UK

AI used by researchers to reveal prostate cancer is not just one disease

It is hoped the findings could save thousands of lives in future and revolutionise how the cancer is diagnosed and treated.

The research found prostate cancer includes two subtypes
Woman using a microscope The research found prostate cancer includes two subtypes (David Davies/PA)

Scientists have used artificial intelligence (AI) to reveal a new form of aggressive prostate cancer which could revolutionise how the disease is diagnosed and treated.

A Cancer Research UK-funded study found prostate cancer, which affects one in eight men in their lifetime, includes two subtypes.

It is hoped the findings could save thousands of lives in future and revolutionise how the cancer is diagnosed and treated.

Researchers used AI to analyse data from DNA and identify the two subtypes of cancer.

The study could ultimately lead to tailored treatments to each individual patient according to a genetic test which will also be delivered using AI.

According to Cancer Research UK, prostate cancer is the most common cancer affecting men in the UK, with around 52,000 cases a year.

Dr Rupal Mistry, the charity’s senior science engagement manager, said: “The work published today by this global consortium of researchers has the potential to make a real difference to people affected by prostate cancer.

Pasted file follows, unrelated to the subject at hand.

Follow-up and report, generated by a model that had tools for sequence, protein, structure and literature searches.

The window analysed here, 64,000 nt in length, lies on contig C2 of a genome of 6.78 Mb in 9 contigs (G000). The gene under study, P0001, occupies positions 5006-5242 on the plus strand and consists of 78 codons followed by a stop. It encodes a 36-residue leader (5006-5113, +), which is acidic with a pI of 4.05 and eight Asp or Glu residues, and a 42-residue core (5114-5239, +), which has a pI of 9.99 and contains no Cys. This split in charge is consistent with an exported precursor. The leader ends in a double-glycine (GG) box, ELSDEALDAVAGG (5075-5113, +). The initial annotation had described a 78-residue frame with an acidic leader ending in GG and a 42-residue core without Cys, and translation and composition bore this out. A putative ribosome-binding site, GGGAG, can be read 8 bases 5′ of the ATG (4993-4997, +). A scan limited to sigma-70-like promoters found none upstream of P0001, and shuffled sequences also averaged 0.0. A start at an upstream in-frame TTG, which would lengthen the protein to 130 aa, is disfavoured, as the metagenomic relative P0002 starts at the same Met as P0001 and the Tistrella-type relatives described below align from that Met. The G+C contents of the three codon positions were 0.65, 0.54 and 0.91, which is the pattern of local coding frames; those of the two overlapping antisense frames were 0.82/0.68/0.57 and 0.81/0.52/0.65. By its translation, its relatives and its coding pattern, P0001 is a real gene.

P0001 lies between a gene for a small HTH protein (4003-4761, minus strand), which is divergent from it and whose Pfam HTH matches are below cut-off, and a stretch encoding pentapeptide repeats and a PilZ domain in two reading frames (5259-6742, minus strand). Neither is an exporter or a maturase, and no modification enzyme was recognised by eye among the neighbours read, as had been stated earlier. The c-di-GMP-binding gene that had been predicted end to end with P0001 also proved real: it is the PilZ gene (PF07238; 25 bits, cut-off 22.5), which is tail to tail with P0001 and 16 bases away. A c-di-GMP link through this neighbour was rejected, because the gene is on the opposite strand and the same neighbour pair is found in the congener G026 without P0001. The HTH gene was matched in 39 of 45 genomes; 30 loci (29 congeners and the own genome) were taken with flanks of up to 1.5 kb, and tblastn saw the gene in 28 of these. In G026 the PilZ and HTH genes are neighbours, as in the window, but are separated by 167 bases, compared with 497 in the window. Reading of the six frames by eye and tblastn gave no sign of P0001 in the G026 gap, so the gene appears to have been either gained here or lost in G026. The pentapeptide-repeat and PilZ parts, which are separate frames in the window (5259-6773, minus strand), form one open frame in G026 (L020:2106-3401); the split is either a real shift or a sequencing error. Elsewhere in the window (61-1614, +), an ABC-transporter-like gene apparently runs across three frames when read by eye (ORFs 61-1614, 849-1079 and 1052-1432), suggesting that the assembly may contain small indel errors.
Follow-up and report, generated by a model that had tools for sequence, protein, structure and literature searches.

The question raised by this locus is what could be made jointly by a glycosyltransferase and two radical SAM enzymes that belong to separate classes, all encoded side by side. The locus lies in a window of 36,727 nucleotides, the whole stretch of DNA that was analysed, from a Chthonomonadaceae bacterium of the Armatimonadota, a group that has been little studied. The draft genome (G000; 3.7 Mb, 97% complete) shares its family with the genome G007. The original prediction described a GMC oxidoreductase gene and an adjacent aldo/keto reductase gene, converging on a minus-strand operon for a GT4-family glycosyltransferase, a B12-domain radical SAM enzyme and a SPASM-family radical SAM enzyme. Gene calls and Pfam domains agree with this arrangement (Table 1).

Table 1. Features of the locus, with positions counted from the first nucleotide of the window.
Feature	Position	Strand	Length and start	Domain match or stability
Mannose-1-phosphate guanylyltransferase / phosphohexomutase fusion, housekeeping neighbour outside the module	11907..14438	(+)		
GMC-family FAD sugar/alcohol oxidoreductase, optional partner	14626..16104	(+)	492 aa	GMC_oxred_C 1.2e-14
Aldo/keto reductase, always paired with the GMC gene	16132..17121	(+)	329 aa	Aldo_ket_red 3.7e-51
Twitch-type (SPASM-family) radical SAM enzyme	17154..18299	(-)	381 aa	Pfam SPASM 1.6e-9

“The more we understand about cancer the better chance we have of developing treatments to beat it.

“We are proud to have helped fund this cutting-edge work, which has laid the foundations for personalised treatments for people with prostate cancer, allowing more people to beat their disease.”

The research, which involved additional funding from Prostate Cancer Research and involved scientists from the University of Oxford, the University of Manchester, the University of East Anglia (UEA) and the Institute of Cancer Research, London, highlights how a prostate cancer diagnosis can affect physical, emotional and mental wellbeing.

The scientists worked together as part of an international consortium called The Pan Prostate Cancer Group.

They aim to develop a genetic test that, when combined with current methods, can provide a more precise prognosis for each patient, allowing tailored treatment decisions.

In the study, published in Cell Genomics, the researchers used AI to study changes in the DNA of prostate cancer samples from 159 patients, and identified two distinct cancer groups.

Professor Colin Cooper, from UEA’s Norwich Medical School, said: “This study is really important because until now, we thought that prostate cancer was just one type of disease.

“But it is only now, with advancements in artificial intelligence, that we have been able to show that there are actually two different subtypes at play.

“We hope that the findings will not only save lives through better diagnosis and tailored treatments in the future, but they may help researchers working in other cancer fields better understand other types of cancer too.”

Dr Naomi Elster, director of research at Prostate Cancer Research, said: “These results could be the beginning of us being able to take the same ‘divide and conquer’ approach to prostate cancer that has worked in other diseases, such as breast cancer.”